Navarro extends her compassion for others and her curiosity about the human condition in and beyond the classroom—her classes work to bridge connections between lived experience and abstract concepts, thinking through problems that you didn’t know were problems before. This is often done through food. “Sharing food is the basic way of making and extending bonds.” Her classes host potlucks and include field trips—like the trip to Reno’s Sikh Temple—a field trip that Navarro’s classes have completed for two years.
“When you visit a Sikh Temple, there is always food involved,” said Navarro. “The experience allows us to synthesize many sociological concepts pertaining to gender roles and what it means to be a religious or ethnic minority that is also a case of mistaken identity. Sikhs are mistaken for Muslims, which results in prejudice and discrimination against them. It also lets us have fun together, and to have some great food.”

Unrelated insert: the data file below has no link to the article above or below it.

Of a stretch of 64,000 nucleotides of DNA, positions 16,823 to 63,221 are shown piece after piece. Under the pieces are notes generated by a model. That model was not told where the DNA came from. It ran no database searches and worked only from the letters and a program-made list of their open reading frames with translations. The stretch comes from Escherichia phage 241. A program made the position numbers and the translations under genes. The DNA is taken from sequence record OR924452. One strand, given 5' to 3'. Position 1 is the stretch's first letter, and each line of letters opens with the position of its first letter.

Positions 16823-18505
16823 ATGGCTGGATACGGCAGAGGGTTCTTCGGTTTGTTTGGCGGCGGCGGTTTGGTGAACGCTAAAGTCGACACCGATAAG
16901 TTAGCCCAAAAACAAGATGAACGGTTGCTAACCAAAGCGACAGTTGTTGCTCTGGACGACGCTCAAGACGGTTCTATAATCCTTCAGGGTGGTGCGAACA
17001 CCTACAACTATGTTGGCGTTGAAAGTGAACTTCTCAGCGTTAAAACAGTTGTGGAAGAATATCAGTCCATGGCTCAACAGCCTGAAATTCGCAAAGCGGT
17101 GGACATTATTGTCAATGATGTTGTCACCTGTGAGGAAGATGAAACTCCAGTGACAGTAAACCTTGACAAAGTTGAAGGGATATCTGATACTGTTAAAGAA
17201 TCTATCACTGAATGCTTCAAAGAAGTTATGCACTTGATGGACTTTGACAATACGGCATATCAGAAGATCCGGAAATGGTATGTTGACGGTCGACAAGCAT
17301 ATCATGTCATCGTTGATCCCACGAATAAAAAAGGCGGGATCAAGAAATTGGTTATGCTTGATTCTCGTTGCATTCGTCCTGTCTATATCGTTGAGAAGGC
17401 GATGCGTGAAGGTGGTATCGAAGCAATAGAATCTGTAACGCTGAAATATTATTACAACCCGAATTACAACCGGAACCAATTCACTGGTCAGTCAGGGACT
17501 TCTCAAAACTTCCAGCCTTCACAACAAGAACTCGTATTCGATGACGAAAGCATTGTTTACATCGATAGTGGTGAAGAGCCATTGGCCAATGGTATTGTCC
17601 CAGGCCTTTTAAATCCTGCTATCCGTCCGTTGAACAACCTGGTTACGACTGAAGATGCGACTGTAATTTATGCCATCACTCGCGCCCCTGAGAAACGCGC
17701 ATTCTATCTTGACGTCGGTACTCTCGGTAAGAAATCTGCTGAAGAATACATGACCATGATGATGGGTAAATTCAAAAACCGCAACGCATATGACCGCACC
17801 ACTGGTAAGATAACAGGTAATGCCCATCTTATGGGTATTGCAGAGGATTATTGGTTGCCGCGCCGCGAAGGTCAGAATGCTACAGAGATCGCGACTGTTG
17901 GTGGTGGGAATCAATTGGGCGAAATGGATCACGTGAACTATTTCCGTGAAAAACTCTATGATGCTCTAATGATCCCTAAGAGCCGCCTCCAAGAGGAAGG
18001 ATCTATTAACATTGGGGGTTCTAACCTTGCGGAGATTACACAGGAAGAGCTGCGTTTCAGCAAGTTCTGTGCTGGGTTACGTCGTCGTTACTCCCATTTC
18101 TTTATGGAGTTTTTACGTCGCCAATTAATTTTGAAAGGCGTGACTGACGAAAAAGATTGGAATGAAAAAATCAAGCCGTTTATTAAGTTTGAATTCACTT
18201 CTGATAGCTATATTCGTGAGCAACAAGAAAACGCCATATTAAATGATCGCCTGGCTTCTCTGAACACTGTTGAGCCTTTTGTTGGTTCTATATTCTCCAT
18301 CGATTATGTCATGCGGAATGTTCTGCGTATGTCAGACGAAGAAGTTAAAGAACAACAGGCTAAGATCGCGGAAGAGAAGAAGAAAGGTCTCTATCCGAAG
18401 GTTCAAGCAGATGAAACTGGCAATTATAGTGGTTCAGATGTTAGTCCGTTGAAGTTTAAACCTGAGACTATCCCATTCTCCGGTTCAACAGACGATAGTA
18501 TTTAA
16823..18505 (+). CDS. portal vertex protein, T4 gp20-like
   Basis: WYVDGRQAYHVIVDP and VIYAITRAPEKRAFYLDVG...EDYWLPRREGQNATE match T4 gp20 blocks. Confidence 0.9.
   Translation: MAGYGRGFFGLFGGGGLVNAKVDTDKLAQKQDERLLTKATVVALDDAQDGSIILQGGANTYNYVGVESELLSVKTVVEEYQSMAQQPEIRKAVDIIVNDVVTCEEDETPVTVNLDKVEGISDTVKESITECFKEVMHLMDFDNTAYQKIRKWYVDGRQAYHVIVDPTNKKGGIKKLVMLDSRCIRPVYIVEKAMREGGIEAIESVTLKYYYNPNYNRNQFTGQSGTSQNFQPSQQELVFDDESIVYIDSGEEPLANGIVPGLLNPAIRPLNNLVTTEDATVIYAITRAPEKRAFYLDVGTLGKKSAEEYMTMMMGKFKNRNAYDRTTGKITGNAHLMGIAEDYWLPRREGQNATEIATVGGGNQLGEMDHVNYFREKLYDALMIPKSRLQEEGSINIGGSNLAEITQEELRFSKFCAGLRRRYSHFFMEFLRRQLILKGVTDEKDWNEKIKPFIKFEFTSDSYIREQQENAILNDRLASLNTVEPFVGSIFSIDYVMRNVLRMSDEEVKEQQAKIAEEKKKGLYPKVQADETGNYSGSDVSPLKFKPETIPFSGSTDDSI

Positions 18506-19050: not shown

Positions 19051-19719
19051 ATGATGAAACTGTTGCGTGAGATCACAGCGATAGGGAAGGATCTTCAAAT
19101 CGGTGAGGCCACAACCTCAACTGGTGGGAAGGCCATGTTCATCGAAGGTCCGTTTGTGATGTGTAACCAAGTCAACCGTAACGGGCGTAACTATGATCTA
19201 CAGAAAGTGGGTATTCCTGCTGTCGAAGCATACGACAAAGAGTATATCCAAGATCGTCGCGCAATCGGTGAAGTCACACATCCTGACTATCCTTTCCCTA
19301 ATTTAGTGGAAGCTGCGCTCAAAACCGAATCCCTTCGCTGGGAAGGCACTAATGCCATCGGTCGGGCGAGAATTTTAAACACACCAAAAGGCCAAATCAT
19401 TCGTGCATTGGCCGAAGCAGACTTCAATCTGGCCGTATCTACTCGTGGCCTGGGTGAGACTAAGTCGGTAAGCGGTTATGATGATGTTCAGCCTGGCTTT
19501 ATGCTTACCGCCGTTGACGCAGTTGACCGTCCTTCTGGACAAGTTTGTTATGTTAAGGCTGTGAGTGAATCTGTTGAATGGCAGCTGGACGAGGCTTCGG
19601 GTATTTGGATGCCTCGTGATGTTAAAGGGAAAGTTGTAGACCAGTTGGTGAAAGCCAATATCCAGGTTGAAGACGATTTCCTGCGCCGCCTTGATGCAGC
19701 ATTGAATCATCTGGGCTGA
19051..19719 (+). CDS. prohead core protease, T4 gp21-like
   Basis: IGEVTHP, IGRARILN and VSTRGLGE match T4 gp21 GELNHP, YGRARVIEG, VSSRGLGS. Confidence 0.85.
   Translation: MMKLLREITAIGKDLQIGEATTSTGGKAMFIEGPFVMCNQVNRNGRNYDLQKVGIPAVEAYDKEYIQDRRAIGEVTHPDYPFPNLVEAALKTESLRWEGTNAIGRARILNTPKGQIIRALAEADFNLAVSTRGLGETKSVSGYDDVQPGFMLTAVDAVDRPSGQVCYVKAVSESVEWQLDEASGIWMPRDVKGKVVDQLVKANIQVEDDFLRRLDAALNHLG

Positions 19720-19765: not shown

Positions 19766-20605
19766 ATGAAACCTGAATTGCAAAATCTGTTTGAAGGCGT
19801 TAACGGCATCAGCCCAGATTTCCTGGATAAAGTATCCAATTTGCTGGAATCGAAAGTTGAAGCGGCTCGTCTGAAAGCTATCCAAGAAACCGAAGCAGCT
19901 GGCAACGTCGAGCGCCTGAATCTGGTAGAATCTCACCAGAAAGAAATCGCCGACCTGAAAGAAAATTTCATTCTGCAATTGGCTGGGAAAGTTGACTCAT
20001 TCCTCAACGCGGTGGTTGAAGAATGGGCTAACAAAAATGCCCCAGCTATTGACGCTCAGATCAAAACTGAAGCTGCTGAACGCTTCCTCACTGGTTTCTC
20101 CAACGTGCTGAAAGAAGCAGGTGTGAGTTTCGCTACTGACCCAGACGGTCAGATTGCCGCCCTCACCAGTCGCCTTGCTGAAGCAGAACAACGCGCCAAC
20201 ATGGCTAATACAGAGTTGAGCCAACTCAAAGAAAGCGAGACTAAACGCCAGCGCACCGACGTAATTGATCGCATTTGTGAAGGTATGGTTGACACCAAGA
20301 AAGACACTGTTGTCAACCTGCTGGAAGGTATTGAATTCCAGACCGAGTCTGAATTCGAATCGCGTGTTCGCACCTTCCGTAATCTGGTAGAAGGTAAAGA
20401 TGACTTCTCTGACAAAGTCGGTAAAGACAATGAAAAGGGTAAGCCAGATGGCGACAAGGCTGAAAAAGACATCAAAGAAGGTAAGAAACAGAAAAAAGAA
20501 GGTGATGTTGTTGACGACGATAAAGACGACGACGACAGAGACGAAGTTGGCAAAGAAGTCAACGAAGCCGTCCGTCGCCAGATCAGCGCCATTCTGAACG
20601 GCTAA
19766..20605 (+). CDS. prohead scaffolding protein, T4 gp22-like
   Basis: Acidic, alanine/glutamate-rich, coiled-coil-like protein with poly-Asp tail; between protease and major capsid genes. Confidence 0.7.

Yet, the work of sociology—the work that Navarro evokes through her classes—seeks to excavate the origin of our preconceived notions of why the world is the way it is. If language precedes the thought, sociology is the primer through which ideas, fears, and prejudice can be framed, conceptualized and understood. And because breaking bread facilitates these connections—and discussions—about the experiences we encounter on this life-long journey, there is always a great deal of food for thought, too.